Kristen Greene shares her experience baking for the store
In many ways, walking into the Etna General Store feels like walking into a friend’s home. The building itself is worn, but its shelves are stocked with homemade cookies and donuts. Importantly, the affordable coffee is hot. Even warmer is the welcome visitors receive from the owner, Victor Dube and his family. Dube, his wife, daughter, and son-in-law greet customers as if they were guests.
Many people come to the store because of its convenient location – it is one of the few places in Hanover that sells pantry staples east of Lebanon Street. Besides offering bread and milk, the General Store sells grain, lottery tickets, toothpaste, breakfast sandwiches and lunch specials.
During the lull between lunch and after-work milk runs, I talked to Kristen Greene, the General Store’s baker and Victor’s daughter.
When did your family purchase the General Store?
We bought the business 14 years ago from a local family. [The Dube and Greene family commutes from Haverhill, NH.] We were their first non-local family to own it, but my dad knew the owners and the neighborhood. Dad was a vendor for Pepperidge Farm, but he wanted something that he and Mom could do together.
I worked at the store while I was in high school to pay for my car insurance. Later I worked at Dartmouth College. When I was pregnant with my first son when the woman who did our baking retired, and I took over.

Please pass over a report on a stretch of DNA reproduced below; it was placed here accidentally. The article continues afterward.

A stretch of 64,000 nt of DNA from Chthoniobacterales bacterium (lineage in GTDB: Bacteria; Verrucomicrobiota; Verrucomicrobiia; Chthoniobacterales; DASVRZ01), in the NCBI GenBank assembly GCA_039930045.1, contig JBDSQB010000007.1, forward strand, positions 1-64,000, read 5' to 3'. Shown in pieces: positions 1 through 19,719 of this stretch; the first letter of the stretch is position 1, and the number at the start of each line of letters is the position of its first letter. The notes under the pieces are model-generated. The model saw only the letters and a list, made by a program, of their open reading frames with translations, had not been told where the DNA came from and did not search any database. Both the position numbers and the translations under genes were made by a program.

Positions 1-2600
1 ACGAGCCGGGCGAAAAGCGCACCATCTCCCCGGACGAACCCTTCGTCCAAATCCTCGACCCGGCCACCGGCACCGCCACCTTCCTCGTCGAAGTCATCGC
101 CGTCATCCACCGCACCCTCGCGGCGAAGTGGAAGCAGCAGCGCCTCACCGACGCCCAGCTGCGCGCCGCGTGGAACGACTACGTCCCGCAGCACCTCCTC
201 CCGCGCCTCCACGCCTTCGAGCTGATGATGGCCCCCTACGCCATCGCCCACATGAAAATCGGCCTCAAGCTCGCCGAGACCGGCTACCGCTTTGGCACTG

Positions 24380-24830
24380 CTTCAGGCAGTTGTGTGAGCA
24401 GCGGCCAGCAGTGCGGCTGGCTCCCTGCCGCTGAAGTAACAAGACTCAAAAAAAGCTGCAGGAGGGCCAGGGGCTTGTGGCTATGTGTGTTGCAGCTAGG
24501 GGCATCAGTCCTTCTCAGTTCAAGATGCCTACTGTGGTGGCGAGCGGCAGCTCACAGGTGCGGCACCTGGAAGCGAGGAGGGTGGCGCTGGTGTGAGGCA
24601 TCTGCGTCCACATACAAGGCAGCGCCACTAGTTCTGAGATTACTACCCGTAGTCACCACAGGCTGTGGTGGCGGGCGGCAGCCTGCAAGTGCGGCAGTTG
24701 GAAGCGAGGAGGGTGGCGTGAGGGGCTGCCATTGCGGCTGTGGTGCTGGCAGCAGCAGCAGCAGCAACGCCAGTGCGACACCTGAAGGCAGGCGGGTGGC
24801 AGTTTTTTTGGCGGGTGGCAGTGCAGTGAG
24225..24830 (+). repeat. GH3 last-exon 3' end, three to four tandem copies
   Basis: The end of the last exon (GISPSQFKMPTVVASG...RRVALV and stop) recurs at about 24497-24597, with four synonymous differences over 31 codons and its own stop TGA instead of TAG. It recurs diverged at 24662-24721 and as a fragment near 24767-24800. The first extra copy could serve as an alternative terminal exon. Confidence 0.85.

Did you have experience baking?
No. I jumped in and started experimenting.
What is your favorite baked good at the store?
The chocolate peanut butter bars. The customers seem to really like them – probably because they taste like a Reese’s Peanut Butter Cup.
Oooh. That sounds delicious. Who are most of your customers?
Much of our lunch business comes from the companies down the road, Hypertherm and Fujiflim Dimatix. Other people find out about us through word of mouth. We will have a group we call the “usuals” because they come at the same time every day.
One customer, named Jill, has been coming here for eight years – just after my daughter was born. She wants her sandwich made in a very specific way that I only I do. Last time she came, I made her sandwich and then we talked for over a half hour. She’s a friend as much as a customer.
A lot of our customers are like that, and we care about them. I worry about not seeing the customers when the store is rebuilt. We may be closed for nine months. It breaks my heart because I am used to the people.
There are plans to rebuild?
The building is in rough shape, and the owner hopes to rebuild sometime soon. The plans have been approved by the town but are on hold with the state. We hope to have more space to offer more local products, including produce and meat. We also want to make more meals for dinner and possibly pizza and ice cream.
What kind of local products do you sell?
We found most of our local suppliers through relationships and conversations with our customers. We started offering local products by selling maple syrup. A farmer in Etna supplies our eggs. When people found out we had local eggs, we sold out. We can’t seem to keep them on the shelf. We also carry local honey and coffee roasted in White River Junction. A customer is interested in selling his meat here, and that would be our next step to offer more local products. We think it’s important to support the little guys.